Signage, Relevancy and Interpretation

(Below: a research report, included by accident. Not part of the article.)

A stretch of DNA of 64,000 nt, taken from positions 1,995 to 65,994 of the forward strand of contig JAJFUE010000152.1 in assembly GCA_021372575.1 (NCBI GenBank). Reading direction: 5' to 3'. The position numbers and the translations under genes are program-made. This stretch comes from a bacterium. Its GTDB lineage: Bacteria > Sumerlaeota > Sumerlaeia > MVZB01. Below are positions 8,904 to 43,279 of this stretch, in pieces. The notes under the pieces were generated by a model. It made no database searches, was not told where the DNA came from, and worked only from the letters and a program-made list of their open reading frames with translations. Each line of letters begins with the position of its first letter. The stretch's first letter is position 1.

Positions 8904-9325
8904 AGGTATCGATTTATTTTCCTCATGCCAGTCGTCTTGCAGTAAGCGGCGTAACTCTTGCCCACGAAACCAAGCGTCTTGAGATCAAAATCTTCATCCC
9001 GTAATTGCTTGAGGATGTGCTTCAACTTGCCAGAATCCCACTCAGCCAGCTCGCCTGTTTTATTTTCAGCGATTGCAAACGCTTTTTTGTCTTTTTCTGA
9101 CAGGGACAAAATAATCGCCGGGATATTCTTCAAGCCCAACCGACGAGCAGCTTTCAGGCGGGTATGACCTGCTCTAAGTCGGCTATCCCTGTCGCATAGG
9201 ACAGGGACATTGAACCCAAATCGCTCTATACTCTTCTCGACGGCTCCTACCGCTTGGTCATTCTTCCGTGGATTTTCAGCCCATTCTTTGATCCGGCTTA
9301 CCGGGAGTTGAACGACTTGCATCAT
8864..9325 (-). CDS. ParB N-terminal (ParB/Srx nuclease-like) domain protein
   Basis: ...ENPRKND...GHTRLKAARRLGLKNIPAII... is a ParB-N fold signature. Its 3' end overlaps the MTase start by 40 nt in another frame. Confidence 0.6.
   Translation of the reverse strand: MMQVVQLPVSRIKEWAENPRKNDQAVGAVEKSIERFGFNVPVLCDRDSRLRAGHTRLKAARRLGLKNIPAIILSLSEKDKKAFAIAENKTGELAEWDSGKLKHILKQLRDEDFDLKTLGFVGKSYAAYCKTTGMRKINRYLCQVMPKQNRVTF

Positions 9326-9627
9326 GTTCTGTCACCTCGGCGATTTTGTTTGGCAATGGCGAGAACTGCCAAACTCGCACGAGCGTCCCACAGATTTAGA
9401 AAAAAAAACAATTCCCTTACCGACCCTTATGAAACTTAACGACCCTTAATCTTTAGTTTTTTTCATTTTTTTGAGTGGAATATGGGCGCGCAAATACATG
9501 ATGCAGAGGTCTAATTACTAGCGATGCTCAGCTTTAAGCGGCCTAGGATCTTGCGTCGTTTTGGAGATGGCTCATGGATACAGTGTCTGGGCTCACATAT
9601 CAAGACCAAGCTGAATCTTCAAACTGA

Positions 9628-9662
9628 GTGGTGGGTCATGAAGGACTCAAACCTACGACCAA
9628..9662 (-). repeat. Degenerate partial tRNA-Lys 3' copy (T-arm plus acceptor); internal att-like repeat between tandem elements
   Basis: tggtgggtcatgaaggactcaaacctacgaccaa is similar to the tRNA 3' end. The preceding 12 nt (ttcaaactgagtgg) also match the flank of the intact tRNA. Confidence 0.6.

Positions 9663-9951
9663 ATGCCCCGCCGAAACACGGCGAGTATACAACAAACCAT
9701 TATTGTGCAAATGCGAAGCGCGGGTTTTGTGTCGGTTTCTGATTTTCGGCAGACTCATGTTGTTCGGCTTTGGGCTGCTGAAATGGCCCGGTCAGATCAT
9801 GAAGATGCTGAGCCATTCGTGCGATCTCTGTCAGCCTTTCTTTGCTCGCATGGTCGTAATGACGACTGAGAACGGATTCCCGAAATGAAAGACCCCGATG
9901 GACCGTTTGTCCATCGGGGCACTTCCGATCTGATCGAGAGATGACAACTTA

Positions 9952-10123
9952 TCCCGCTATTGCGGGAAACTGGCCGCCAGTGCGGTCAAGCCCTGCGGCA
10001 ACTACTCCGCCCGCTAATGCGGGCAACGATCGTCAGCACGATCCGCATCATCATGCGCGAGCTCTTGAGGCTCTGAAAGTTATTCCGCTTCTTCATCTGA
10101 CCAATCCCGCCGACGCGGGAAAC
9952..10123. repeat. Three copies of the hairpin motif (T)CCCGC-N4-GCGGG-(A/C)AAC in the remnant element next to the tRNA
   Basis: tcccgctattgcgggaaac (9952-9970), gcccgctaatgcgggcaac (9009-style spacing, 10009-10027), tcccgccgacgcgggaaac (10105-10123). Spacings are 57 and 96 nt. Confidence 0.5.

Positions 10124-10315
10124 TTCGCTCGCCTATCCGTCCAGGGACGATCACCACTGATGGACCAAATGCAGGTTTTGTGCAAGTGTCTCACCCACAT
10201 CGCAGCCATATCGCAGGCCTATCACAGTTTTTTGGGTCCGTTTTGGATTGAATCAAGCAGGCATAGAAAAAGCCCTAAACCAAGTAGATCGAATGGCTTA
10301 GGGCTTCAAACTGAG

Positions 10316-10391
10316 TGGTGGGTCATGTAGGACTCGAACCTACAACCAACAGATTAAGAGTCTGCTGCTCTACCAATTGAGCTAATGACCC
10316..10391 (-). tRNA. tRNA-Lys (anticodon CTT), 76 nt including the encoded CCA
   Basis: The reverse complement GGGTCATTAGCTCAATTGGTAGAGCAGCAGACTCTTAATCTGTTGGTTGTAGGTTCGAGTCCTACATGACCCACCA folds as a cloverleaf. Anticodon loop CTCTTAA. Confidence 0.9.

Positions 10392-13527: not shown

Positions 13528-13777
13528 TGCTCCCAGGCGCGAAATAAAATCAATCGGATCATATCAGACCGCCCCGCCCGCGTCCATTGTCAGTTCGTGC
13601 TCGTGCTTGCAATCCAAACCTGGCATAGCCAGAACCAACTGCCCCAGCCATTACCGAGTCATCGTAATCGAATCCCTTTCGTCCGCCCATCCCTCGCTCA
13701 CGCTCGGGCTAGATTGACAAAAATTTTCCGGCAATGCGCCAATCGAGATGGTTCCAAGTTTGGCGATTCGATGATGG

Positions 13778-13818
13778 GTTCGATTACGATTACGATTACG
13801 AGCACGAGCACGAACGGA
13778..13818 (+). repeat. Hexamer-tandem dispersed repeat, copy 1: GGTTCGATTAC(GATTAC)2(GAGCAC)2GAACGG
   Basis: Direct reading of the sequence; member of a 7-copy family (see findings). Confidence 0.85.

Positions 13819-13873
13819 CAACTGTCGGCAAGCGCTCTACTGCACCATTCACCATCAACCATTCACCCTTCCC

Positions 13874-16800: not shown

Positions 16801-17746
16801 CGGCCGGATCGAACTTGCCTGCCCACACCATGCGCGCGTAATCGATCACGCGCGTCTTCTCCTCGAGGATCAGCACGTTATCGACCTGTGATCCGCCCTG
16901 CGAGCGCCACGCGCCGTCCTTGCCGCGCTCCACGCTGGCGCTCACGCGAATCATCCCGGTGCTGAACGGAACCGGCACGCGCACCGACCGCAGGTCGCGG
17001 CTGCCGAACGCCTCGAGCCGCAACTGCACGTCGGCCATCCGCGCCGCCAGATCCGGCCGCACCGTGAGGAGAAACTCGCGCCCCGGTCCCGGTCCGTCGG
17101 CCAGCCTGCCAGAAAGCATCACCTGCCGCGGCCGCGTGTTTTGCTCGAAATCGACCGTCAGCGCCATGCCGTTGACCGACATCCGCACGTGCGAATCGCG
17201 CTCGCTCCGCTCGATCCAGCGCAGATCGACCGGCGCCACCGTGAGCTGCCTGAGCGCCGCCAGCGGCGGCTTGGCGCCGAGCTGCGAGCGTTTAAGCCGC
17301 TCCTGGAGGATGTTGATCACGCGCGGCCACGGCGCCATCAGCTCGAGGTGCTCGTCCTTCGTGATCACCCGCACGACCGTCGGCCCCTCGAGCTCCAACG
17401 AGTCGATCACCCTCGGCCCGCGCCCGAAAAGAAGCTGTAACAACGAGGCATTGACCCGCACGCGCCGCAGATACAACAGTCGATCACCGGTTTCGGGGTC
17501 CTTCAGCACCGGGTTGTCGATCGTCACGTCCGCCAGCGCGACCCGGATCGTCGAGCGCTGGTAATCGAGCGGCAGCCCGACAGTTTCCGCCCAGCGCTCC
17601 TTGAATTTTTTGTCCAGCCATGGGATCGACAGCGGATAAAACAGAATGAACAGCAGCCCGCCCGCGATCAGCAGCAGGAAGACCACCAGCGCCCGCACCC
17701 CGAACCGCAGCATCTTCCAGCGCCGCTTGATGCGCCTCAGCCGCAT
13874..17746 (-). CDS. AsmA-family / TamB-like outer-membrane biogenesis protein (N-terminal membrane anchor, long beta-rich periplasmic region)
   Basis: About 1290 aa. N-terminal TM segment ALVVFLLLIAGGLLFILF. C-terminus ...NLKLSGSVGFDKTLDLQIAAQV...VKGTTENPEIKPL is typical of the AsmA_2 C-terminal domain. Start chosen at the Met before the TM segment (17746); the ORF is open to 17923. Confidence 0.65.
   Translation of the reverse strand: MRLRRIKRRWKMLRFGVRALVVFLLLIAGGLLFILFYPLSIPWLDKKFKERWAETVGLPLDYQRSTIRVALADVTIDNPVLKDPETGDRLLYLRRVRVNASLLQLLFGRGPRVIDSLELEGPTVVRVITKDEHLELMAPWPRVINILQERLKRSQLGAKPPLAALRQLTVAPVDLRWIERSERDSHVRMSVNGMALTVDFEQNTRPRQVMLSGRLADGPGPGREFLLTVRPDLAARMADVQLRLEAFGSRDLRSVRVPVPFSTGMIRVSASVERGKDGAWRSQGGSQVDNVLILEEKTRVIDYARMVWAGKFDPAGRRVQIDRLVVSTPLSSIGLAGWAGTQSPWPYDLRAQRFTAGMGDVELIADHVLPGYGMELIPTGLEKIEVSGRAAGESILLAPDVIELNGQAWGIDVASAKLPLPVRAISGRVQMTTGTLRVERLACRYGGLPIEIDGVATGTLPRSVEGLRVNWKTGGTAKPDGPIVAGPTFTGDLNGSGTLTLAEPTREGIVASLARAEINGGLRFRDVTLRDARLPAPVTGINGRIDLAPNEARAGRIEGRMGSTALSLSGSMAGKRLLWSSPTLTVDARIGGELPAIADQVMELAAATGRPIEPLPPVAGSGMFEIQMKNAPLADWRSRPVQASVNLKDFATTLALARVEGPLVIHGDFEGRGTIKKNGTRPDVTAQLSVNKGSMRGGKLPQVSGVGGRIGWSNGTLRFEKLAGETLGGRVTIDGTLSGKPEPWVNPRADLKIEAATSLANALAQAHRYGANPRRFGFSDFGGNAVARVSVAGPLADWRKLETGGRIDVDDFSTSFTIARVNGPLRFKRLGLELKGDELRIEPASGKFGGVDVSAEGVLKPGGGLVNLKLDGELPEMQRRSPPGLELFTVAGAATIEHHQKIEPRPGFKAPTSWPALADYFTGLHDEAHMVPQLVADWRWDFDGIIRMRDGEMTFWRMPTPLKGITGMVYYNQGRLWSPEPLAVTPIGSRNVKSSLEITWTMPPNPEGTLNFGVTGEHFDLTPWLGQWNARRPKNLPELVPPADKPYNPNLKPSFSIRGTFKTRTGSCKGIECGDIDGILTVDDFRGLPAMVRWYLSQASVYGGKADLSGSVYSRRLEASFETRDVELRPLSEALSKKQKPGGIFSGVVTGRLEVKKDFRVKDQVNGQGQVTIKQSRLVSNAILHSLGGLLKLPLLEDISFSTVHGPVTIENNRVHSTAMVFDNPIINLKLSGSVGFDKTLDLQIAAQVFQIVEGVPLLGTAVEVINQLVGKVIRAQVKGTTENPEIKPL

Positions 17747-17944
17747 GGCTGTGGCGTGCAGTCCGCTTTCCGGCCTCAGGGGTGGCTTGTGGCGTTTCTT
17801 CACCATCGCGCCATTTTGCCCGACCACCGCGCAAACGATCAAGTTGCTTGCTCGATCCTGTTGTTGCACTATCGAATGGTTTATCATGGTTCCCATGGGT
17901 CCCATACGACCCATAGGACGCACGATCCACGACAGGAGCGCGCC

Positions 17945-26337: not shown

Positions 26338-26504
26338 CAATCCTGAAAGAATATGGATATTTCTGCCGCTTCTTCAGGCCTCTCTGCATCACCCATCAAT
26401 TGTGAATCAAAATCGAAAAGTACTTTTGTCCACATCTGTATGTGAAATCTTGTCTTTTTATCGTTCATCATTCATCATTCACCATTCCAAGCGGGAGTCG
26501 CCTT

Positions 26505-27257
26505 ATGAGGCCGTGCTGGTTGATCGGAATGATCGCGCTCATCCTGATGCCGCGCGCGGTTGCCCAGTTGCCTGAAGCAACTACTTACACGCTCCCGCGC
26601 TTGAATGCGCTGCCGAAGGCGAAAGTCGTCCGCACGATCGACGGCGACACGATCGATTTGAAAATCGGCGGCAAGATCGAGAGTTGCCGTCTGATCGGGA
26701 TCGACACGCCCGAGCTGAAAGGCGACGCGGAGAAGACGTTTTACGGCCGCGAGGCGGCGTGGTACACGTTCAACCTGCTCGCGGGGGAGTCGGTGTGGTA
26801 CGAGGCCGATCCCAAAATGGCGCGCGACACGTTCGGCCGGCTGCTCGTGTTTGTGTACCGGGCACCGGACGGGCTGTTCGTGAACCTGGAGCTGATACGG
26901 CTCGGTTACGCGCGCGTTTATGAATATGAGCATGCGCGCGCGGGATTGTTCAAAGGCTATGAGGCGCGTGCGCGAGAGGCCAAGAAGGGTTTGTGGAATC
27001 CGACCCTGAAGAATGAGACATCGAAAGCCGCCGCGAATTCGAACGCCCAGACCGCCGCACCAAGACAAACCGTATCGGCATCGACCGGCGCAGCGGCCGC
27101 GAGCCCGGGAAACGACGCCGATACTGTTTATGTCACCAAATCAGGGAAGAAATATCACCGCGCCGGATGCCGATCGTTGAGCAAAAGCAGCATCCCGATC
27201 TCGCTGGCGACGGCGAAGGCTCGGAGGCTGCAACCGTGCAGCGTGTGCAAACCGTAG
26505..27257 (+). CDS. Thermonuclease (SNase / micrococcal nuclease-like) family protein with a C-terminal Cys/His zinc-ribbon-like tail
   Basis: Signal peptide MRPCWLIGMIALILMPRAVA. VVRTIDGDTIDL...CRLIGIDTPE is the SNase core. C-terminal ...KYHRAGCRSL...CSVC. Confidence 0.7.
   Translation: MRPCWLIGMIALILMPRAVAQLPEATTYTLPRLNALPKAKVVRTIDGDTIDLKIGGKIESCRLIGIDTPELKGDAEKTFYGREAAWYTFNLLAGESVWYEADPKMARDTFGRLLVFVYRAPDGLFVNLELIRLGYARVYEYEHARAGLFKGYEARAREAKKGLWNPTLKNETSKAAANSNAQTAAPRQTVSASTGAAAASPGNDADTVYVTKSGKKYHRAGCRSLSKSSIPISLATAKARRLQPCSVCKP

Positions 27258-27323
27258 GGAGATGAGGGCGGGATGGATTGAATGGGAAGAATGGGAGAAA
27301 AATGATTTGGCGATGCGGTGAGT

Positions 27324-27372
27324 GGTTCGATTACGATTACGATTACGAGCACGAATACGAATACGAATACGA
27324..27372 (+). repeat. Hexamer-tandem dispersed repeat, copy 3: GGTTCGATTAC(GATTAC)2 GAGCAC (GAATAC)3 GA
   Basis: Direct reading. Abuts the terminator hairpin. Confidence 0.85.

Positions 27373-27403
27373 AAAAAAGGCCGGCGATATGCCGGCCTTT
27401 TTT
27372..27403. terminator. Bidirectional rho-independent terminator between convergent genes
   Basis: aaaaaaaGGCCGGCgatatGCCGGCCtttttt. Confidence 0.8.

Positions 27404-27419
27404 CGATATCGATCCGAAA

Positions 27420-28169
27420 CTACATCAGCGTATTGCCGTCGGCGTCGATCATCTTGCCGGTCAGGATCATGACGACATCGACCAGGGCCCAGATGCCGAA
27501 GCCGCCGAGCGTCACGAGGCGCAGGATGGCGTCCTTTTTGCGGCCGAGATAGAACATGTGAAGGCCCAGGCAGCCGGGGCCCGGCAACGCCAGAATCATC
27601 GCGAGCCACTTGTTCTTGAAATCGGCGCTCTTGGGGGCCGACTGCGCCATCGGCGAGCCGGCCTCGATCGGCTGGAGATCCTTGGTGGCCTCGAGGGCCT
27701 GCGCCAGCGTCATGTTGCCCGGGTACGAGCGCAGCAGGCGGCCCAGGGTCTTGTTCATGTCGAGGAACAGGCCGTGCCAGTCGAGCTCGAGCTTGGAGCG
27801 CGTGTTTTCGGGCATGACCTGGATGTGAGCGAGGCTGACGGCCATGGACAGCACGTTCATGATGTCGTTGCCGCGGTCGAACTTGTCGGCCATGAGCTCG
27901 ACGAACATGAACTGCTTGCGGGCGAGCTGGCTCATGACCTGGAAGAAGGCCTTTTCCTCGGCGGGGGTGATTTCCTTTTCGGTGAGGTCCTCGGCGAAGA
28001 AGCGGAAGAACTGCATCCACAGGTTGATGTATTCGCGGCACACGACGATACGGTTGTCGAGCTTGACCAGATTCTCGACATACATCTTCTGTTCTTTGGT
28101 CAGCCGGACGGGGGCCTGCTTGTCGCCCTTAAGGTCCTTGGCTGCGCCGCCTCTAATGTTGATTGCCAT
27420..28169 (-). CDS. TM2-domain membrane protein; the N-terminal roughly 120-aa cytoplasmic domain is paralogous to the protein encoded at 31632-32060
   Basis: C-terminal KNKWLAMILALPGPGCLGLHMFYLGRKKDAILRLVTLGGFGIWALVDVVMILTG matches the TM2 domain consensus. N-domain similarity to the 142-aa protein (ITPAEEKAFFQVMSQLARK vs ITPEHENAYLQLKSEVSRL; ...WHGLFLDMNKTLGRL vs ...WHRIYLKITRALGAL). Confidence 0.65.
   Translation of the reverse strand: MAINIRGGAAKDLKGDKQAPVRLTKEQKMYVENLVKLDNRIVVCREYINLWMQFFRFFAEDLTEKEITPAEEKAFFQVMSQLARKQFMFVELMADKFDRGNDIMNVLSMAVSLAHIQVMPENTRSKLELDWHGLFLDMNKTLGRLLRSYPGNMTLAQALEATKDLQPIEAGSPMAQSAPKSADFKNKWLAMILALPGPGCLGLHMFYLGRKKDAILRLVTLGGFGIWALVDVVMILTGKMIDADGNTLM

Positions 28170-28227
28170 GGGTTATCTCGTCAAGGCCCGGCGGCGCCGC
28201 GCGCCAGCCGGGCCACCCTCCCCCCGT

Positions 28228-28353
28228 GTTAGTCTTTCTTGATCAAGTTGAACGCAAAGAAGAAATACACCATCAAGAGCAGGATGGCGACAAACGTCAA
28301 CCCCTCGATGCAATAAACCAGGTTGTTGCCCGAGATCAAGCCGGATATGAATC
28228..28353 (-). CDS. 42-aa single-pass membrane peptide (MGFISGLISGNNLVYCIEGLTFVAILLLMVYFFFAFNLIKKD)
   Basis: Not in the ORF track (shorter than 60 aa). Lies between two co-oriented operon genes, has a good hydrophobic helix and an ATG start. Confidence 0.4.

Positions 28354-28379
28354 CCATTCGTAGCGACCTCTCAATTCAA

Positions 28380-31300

Industrial sites and parks challenge the notions of what a park should look like. They are not as green and lush as we are used to and they are often over taken by fields of pavement. Likewise, the Charlestown Navy Yard is overwhelmed in pavement diverging the site from looking like our accepted notions of national parks. To relieve the diverging notions I have been working on an analysis of the signage throughout the park the minute I arrived. To improve the visitor experience I documented some of the common areas where visitors may get lost and have questions about what to see next. Although much of the signage at the Navy Yard is temporary my supervisor, Ruth and I were able to order new signs that are water resistant and include more information. Earlier this week I was able put together some new wind masters and add some more signage throughout the yard that will guide visitors more effectively. Amidst working on new signage I was also able to work on designing some posters for fences along the construction area on the site. We can all agree that construction sites are intrusive and unappealing especially at a tourist area, so I began working with the Naval detachment and the archivist at the yard to gather some information for visitors to browse through. Along some of the fencing we decided to include information about the USS Constitution’s restoration that is occurring in dry dock 1. It is the ships restoration that has caused all the mayhem and fencing, but historically this is not the first restoration the ship has undergone. Its restoration process is a living history of the processes that keep our history alive. The ship is over a hundred years old and maintaining it afloat has been a separate history all on its own so we decided to document it. As soon as the signs were printed and hung, visitors swarmed around them ! It was really exciting to see that the signs were in fact serving their purpose and no longer was the construction site atmosphere vague and intrusive, it would now be part of the Navy Yard’s living history. The signage throughout the Navy Yard made me feel useful and I was able to get instant gratification as I observed visitors referencing them for directions and information from my office but, none of the signs solved the issues that the park has of being inclusive and diverse. All of the signs were in english and none made the site feel more inclusive to non-traditional audiences. It seems that relevancy to¬†all Americans is still missing throughout Boston parks. As I continue working an a proposal for an increase in outreach to underrepresented communities it becomes more apparent that outreach is a lot easier said than done.

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